Did you perform any play testing over the course of creating Guess My Race?
The game-play of the app is not extremely complicated so we didn’t do much play testing. But I did conduct some research about how it was being used. I would secretly watch people playing the app when it was on exhibit at the Boston Museum of Science. And it was fascinating!
Sometimes people would read through all the quotes and all the cultural tidbits carefully. But then other times, people would just rush through, trying to get the right answer, and skipping past all that we had worked so hard to write. They might high-five their friends when they got one right. But then maybe one picture would catch their eye and they would actually read through the quote and the tidbit. So I felt good that there were many different styles of play, but that they all encouraged learning of some sort.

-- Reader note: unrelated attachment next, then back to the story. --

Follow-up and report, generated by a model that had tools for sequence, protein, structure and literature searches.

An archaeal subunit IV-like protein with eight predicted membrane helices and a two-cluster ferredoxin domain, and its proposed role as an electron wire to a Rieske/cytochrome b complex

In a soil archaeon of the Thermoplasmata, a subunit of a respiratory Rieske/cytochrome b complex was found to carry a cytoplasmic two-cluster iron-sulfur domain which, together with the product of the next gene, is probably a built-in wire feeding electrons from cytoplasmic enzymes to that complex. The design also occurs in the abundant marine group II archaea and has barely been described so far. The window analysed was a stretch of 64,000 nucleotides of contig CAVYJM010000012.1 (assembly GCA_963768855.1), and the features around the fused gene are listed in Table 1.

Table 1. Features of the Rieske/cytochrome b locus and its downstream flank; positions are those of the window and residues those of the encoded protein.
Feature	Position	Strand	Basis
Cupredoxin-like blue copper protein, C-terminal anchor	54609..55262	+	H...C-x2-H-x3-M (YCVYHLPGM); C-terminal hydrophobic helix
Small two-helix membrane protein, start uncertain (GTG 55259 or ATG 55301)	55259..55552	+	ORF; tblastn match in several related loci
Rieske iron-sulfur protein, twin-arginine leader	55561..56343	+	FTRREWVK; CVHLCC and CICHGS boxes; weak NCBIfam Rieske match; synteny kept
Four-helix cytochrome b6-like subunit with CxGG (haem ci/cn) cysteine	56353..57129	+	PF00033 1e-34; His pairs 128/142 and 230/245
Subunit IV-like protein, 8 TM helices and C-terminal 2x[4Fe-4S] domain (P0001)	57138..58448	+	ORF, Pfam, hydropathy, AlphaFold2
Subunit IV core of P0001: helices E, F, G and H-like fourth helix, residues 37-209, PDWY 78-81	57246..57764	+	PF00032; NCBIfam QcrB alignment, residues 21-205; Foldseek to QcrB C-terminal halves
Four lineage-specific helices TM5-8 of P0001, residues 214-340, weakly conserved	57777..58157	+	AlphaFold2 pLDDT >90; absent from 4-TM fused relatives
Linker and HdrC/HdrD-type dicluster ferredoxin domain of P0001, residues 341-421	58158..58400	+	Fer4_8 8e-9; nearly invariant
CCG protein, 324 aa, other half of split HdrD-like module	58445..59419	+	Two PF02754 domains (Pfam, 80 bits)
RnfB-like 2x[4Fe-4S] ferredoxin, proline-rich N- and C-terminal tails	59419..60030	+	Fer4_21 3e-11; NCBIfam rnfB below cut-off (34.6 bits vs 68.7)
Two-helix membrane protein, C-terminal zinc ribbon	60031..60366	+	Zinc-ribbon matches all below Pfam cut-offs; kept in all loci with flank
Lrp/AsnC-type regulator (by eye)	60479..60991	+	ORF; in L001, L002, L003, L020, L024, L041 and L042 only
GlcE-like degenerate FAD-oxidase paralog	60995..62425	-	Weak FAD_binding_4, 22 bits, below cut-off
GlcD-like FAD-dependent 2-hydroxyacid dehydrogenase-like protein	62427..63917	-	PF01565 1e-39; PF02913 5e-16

What would be your ideal next step for a player of your game who walks away catalyzed with an interest in issues of race and identity?
Ideally, this app produces a spark of looking at race and identity a little differently. As the user plays more and opens up their eyes more to these issues, hopefully that spark grows to a more critical way of seeing race. And having this critical gaze about race and identity can then hopefully lead to more complex thinking about other issues as well. We see our role as catalysts but that everyone then develops this thinking through their own interactions with the world.
In the end, we hope for a world where someone’s background or appearance does not affect their life chances. But ignoring race now will not produce that future. That’s why we aim to start a dialogue, but a more informed, more engaging dialogue that will keep us moving in the right direction.
You can learn more about Guess My Race and download it here.
Josh Spiro works on game design in Brooklyn, New York and blogs about social impact games at Will Play Games for Change.